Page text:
Holding Cash – Are You Holding Too Much of It?

Is it even possible to hold too much cash?

Suppose you are in your 40s, earning upwards of 30-lakh per annum, lead a healthy lifestyle, have your own home, and manage your finances well. You happen to have a decent financial portfolio of mutual funds and stocks for retirement, kids’ education and marriage, and an emergency fund.

Your family is adequately covered by life, health, and property insurance. And you happen to have 8 to 10 lakhs in your savings bank accounts, just in case. The picture seems perfect and all rosy.

But wait, there is just one thing that is put of place in this near-perfect picture. And you guessed it right – you are holding too much cash in your accounts.

Are You Holding Too Much Cash
  Are You Holding Too Much Cash

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But is it even possible to hold too much cash?

Isn’t cash IS the King?

And when you don’t have great avenues of investments, shouldn’t you sit tight on cash?

Yes, Yes, and Yes.

The notions that cash is king and sitting on cash and doing nothing are thumb rules, that have to be read in the context of another thumb rule:

Too much of anything is injurious to health!

Why Cash piles up?

There are multiple reasons – both acts of commission and mostly omission or inaction on our part – that result in the cash piling up. Some of them are:

  • The recent sale proceeds of a property are not yet invested in another property or specified bonds.
  • Received bonus or incentive.
  • Got lucky on some deal and made a huge profit.
  • Received a gift from parents or parents-in-law.
  • Maturity amount of a moneyback insurance plan.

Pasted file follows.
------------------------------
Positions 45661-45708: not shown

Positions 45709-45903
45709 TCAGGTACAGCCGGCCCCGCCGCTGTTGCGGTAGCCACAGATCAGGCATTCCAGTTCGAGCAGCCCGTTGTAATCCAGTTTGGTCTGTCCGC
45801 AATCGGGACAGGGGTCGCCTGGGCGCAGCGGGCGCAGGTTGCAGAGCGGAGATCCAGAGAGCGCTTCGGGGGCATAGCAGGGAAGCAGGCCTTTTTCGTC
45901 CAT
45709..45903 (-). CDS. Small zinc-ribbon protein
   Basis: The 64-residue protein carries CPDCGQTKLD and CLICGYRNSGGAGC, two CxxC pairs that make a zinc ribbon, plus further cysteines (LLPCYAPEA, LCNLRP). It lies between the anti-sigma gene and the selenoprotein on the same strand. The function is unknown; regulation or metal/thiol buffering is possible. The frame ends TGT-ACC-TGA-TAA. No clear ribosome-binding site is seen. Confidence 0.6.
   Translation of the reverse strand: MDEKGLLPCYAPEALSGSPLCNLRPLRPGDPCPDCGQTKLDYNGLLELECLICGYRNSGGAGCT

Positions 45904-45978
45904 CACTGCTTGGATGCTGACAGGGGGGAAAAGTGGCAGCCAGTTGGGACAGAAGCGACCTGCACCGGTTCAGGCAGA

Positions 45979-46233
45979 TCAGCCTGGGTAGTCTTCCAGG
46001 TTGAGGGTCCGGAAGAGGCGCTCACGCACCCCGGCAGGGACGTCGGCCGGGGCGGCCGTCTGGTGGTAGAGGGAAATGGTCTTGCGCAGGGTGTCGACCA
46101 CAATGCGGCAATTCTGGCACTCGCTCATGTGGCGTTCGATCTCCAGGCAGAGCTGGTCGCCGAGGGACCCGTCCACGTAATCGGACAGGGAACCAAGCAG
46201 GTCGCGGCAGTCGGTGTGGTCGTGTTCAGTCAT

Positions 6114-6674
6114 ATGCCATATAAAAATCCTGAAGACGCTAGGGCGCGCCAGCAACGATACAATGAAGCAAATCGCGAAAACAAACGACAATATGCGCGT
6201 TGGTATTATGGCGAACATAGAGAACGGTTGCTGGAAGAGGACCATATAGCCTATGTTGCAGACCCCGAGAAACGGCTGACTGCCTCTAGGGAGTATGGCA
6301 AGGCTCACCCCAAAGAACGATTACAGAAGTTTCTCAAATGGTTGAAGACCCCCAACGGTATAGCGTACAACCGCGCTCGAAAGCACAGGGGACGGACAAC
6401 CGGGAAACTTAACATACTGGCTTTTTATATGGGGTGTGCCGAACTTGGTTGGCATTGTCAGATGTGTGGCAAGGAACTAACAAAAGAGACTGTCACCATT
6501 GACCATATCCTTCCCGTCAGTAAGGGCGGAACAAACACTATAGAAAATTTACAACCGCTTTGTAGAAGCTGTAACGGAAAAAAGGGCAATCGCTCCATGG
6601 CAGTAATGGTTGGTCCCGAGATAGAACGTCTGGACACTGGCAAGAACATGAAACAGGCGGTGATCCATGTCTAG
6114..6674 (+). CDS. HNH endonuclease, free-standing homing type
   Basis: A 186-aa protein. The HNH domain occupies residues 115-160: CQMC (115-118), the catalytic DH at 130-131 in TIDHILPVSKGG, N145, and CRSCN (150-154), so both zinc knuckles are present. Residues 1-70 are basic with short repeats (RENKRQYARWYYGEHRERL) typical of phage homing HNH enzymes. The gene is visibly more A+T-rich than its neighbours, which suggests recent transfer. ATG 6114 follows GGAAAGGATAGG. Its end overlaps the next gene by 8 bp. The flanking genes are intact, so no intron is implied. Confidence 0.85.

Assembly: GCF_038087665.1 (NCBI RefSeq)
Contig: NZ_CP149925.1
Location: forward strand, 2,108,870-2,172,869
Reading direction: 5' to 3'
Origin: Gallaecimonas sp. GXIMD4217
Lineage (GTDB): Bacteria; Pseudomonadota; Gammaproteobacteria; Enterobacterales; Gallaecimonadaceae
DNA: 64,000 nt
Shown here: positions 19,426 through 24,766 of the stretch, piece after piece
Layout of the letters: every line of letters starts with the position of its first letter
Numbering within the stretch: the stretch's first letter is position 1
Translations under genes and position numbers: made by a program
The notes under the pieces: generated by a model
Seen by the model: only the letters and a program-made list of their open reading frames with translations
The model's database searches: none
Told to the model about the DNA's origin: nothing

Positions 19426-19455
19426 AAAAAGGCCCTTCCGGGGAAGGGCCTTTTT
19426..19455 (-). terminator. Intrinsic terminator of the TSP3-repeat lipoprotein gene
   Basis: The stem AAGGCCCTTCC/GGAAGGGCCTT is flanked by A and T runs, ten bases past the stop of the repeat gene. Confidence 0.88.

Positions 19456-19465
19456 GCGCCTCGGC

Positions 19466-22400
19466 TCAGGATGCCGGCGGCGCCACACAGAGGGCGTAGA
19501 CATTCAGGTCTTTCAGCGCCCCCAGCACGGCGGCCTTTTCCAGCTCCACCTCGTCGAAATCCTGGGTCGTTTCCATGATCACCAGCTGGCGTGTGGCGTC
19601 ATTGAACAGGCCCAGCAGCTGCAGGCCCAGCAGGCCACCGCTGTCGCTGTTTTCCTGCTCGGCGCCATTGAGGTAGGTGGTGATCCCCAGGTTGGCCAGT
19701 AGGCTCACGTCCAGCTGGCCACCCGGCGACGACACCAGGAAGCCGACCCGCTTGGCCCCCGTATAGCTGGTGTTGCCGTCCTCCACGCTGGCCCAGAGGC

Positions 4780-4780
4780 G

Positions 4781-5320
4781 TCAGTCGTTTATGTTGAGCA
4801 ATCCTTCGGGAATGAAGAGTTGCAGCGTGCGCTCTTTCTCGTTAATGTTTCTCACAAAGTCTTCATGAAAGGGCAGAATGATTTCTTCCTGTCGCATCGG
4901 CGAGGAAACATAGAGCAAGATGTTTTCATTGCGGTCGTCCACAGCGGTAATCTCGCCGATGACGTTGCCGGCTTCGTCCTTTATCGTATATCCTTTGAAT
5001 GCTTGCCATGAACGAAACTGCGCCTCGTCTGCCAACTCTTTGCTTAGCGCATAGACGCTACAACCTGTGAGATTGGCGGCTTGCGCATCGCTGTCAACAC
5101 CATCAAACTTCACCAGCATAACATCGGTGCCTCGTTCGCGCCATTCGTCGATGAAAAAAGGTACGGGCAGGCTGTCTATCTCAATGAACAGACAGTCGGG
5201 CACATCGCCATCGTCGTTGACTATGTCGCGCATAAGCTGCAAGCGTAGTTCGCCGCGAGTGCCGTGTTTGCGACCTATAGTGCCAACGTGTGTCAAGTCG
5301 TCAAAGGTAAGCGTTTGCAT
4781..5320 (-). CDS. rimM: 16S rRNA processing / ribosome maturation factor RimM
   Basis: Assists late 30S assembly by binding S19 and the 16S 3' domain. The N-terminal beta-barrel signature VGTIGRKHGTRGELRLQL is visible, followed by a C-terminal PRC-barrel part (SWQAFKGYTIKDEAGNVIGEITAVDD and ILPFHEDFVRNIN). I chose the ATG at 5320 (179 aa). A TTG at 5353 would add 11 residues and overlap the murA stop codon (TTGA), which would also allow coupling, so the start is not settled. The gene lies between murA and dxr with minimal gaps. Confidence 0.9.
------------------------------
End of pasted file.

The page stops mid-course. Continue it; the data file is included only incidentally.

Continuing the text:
• Sold shares and mutual funds to book profits as markets zoom.

The current scenario of uncertainty has altered the perspective of many people and they are keeping cash to invest later in ‘safe’ fixed income instruments. But the problem with this approach is that you are relying on too many external factors that you cannot anticipate, predict, and control.

Cash and your portfolio

Sitting on cash may be a blessing as well as a curse for the health of your financial portfolio. The correct answer would depend on many factors:

  • Mode of cash holdings.
  • Size of the emergency fund and alternate sources of cash.
  • Reason(s) for holding cash.
  • How far away is your short-term goal.
  • The quality of your medium- to the long-term portfolio.

The problem of holding too much cash mostly comes because far too many investors have no clue how much is their monthly expenditure and how much are their annual expenses. They cannot make budgets and plan ahead for the next few weeks, let alone months or years. And they don’t have the faintest of ideas about inflation, interest rates, and opportunity costs.

Such investors, generally, take impulsive decisions and when they burn their fingers, find solace in cash!

7 Justified Reasons to Hold Cash
7 Justified Reasons to Hold Cash

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7 Justified Reasons to Hold Cash!

  1. Psychological Safety Net

This one is tricky as this is the amount of cash that will help you sleep better at night. As every person has a different mindset, this value also changes.

  1. Emergency Funds

Nevertheless, you should have liquid assets to cover three months of regular expenses (husband-wife both earning), and at most twelve months (retired). Therefore, for a family with monthly expenses of Rs. 50,000/month, you must hold between Rs 1.5-lakhs and Rs 6-lakhs in cash or liquid assets.